Artificial Intelligence Researchers Want Survival of the Fittest for Robots

By Nicholas West

Worldwide neuroscience research conducted under Obama’s BRAIN project, as well as similar research sponsored by the European Union exceeds $1 billion combined. The goal is nothing short of decoding the human brain. While there are many embedded initiatives associated with this type of research, the production of artificial intelligence that can rival or even surpass humans is at the forefront.

One recent development sought by the European Union is shocking: a cloud network called RoboEarth where robots can do their own research, communicate with one another, and collectively increase their intelligence in a full simulation of human interaction. It has been dubbed a “Wikipedia for robots.” It introduces a type of family learning – essentially the nurture part of the equation where nature can only be mimicked. Once established, some of the autonomous functions that have been implemented will transcend beyond merely self-directed communication, and will enter the sphere of evolutionary intelligence.

This drive for embedding evolutionary principles into robotics forms the cornerstone of new research at the University of Wyoming’s Evolving Artificial Intelligence Lab where the stated goal is to introduce the concept of natural selection so that robots will evolve as rivals to their human counterparts.

Concerns are finally beginning to mount about the unintended consequences of creating something that has the potential to be smarter than us, as Stephen Hawking has been discussing lately. Nevertheless, research into artificial intelligence continues full steam ahead.

One Artificial Intelligence (A.I.) scientist recently echoed Hawking’s dire warning about the imminent arrival of a primitive form of A.I. which might impart the violence inherent in what we consider to be primitive forms of nature to produce “terminator robots.” Steve Omohundro’s full study is titled “Autonomous technology and the greater human good” which appeared in the Journal of Experimental & Theoretical Artificial Intelligence. It begins:

Military and economic pressures are driving the rapid development of autonomous systems. We show that these systems are likely to behave in anti-social and harmful ways unless they are very carefully designed.

More disturbing still are statements made by George Zarkadakis, an artificial intelligence engineer, who believes that intelligent robots will move toward procreation as they will wish to produce superior offspring. Through a simple software swap, new intelligence could be created, as well as the likelihood of other upgrades like virus protection. Incidentally, the organic component of this is also being researched by geneticists as downloadable DNA via our own human Internet.

Just as we humans naturally wish that our own children become healthier, more intelligent and longer-lived versions of ourselves, so too will increasingly self-aware systems. The research at the University of Wyoming is embracing this potential:

A Darwinian process is set up so that the better programs will have lots of copies (versions similar or identical) in the next generation and less desirable software is eliminated. (emphasis added)

What makes some programs ‘better’ than others is determined by the person setting up the experiment (e.g., the ability to get out of mazes, drive a car without crashing, control a legged robot, etc.). Over time the software gets better and better since mutations (random changes in the programs) and ‘sex’ (combining a portion of the code of one program with a portion of another) will occasionally produce a program that is a slight improvement over its parents. This slightly better software will thrive for a while until it too is replaced by the next slightly better software.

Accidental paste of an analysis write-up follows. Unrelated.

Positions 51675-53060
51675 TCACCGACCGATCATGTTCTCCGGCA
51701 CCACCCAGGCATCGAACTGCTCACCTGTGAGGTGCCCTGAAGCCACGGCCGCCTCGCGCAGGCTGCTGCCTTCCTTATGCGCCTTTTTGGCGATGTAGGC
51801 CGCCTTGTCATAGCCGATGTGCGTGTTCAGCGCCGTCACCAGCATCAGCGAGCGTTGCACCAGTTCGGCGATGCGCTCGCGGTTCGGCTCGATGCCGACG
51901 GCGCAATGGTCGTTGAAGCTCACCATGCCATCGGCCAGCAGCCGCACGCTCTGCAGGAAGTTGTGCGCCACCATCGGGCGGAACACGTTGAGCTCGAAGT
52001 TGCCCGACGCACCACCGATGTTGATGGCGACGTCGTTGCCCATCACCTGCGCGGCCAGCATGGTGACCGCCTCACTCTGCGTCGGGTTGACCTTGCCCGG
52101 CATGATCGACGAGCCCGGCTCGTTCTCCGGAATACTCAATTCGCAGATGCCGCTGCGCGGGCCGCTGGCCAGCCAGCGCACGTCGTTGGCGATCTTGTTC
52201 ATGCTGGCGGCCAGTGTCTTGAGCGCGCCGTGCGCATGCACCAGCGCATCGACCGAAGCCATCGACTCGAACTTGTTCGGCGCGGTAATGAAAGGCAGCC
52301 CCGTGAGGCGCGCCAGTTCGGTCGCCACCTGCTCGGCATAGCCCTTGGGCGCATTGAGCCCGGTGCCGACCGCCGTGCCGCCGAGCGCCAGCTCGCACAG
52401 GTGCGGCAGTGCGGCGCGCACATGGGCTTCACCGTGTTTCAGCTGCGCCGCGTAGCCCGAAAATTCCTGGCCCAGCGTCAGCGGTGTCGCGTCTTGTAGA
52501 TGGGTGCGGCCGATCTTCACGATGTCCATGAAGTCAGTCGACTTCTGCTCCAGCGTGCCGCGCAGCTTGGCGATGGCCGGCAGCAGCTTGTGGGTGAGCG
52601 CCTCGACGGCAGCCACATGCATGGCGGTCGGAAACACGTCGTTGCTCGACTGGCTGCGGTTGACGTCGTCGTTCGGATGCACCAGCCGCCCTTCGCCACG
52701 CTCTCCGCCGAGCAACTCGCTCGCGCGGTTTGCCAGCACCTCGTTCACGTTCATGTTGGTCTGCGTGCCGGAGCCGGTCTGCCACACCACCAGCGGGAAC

Lead researcher, Jeff Clune, has lofty ambitions that should be taken seriously as his lab has produced award-winning students and grants from NASA. Commenting on the potential of the “mutations” and code swaps, he states:

We’re trying to harness the power of evolution. It’s an extremely creative and powerful design force. Can we use that process to evolve robots? We can harness it, and when we do, evolution comes up with something smarter than humans can design.


We want to engineer robots that rival nature and are as agile and smart. (emphasis added)

With the rapid advances made in the realm of 3D printing, self-aware artificial intelligence could “breed” at the molecular level and likely begin printing out their code-upgraded progeny. Sound crazy? Clune states just such a potential:

These small changes can add up to produce jaguars, whales, Olympians and poets.

While futurists such as Ray Kurzweil, a director of engineering at Google, tend to discuss a transcendental age of Spiritual Machines where humans only benefit from their own enhanced intelligence as well as the coming super A.I, the opposite reality should be equally – if not more strongly – considered. This wave of new technology is a fundamental transformation, not simply a new gadget that can be upgraded or phased out.

While Jeff Clune claims to add ethics to his lectures, his following statement demonstrates a decided lack of concern for where this genie is headed once let out of the bottle. Apparently, his role as a scientist is just to open the bottle and see what happens:

 “You as the designer get to say what you want and it’s up to evolution to produce and accomplish that goal,” Clune said. “I thought the best way to understand my own brain was to build one. I’m learning a lot about how evolution did it by doing it myself.”

Robots are already beginning to “win” in the economic struggle for survival. Where else will their competitive evolution take them?

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